Monday, February 2, 2009

Traditional Pesto-HTCEV, p. 768

There's really no excuse for breaking the food processor while making pesto. There really isn't. We're talking basil, garlic, oil, and pine nuts, people!

I have used electric appliances before and I know not to stick things into a moving blade. I know this. I know that I should always show a certain amount of respect to electric appliances. I don't stick forks into toasters; I don't throw blow dryers into baths; I don't stick my fingers into my three-speed Kitchen Aid hand mixer. So why, why, why did I ever feel the need to stick a silicone spatula into the bowl of a Cuisinart as the blades were running at top speed?

I guess I don't have to tell you about the decapitated spatula and the broken processor bowl. But I will tell you that the sprayed pesto on the backsplash was quite stunning. I wonder if Jackson Pollack ever thought about using pesto in a drip painting? Perhaps if Mark Bittman revises HTCEV, he'll add a footnote about pesto and its unique artistic qualities.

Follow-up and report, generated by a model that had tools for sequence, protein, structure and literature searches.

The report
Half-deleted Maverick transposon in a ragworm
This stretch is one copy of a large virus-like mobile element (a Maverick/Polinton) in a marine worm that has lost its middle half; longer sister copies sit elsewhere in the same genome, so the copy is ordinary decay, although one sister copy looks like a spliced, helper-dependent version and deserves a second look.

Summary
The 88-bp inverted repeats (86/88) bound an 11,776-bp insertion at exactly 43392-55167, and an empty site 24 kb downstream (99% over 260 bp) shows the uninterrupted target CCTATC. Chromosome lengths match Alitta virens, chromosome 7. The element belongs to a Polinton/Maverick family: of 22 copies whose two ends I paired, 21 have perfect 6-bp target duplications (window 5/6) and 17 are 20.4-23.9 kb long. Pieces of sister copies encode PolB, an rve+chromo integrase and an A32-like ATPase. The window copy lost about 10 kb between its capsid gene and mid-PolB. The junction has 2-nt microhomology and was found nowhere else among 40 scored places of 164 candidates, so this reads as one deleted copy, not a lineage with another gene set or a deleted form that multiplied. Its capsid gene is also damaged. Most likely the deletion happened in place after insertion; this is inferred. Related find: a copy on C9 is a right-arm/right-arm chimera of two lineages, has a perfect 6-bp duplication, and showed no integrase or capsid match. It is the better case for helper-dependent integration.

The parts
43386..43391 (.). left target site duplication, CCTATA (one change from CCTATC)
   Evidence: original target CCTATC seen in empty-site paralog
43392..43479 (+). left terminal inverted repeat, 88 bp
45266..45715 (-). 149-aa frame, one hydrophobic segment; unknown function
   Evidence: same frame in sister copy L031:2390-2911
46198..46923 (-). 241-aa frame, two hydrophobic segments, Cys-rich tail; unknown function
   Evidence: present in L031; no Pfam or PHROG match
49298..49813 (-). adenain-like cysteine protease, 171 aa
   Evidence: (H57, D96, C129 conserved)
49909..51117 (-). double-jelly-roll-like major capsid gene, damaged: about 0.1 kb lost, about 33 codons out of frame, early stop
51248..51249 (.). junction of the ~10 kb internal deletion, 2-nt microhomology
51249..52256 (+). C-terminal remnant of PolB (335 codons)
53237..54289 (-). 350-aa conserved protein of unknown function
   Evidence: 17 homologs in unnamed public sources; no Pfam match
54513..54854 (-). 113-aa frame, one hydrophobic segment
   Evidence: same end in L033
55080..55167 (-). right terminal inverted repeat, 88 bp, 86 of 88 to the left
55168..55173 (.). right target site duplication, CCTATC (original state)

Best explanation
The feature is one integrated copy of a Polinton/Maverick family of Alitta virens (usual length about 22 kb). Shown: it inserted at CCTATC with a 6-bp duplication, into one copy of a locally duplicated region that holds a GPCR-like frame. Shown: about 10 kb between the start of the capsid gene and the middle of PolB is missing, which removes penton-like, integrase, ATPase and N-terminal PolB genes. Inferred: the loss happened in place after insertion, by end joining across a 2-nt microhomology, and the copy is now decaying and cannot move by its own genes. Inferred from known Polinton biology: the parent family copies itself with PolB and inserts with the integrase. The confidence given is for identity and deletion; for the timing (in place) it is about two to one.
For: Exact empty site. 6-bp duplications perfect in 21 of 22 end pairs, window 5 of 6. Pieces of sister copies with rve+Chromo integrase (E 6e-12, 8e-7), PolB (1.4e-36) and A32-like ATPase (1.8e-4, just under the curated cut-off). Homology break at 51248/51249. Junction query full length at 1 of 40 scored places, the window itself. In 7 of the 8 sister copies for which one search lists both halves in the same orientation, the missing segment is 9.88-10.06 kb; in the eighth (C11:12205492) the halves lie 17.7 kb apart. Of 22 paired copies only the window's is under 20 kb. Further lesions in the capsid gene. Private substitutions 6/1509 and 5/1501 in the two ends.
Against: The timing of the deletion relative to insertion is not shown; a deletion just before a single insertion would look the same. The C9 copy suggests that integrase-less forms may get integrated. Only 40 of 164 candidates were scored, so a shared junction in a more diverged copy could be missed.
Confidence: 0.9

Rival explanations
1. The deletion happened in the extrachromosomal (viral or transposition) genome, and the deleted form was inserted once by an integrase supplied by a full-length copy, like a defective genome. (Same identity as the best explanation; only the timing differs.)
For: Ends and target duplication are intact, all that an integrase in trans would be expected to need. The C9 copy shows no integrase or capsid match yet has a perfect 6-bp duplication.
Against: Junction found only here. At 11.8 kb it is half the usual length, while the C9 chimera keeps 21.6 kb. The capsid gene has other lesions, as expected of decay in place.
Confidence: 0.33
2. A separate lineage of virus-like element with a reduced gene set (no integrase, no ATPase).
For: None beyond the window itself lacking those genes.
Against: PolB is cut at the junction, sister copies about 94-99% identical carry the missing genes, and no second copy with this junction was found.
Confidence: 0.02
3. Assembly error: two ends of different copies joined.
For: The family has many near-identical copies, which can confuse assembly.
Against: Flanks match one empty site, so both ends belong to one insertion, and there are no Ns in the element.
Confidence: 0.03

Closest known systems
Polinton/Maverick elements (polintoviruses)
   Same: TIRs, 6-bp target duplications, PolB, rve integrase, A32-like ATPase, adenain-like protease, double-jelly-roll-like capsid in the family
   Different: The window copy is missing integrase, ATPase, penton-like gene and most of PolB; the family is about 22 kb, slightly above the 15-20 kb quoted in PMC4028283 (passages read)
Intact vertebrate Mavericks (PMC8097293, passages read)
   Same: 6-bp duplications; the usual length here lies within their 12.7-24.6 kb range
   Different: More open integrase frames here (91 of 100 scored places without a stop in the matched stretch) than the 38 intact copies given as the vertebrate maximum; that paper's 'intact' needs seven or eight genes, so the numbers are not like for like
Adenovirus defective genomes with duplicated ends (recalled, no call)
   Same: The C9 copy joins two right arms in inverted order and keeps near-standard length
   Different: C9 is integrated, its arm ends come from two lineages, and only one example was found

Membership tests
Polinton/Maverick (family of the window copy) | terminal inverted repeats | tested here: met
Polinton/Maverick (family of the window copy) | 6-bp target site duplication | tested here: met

Thank goodness, Monique, the owner of the Cuisinart, took it all in stride and didn't bat an eye (Thank you Monique!). And Doris made a point to say how good the pesto was (as she picked little pieces of plastic out of her teeth). So, all was not lost. The pesto was delicious—although next time, I will use the mortar and pestle as Bittman suggests in the first paragraph.


  1. Jessica, this posting is HILARIOUS. Seriously, I laughed out loud when I was reading it. I do have to say, the pesto was quite tasty and there were no plastic bits stuck in my teeth. I think you did a great job with the pesto, despite the unfortunate death of Monique's food processor... She did seem quite pleased at the opportunity to shop for a new food processor though

  2. The pesto is great, I just had some tonight on steamed cauliflower. After seeing how quiet your kitchenaid model operates, I've "upgraded" and am waiting for the 9-cup kitchenaid food processor to arrive.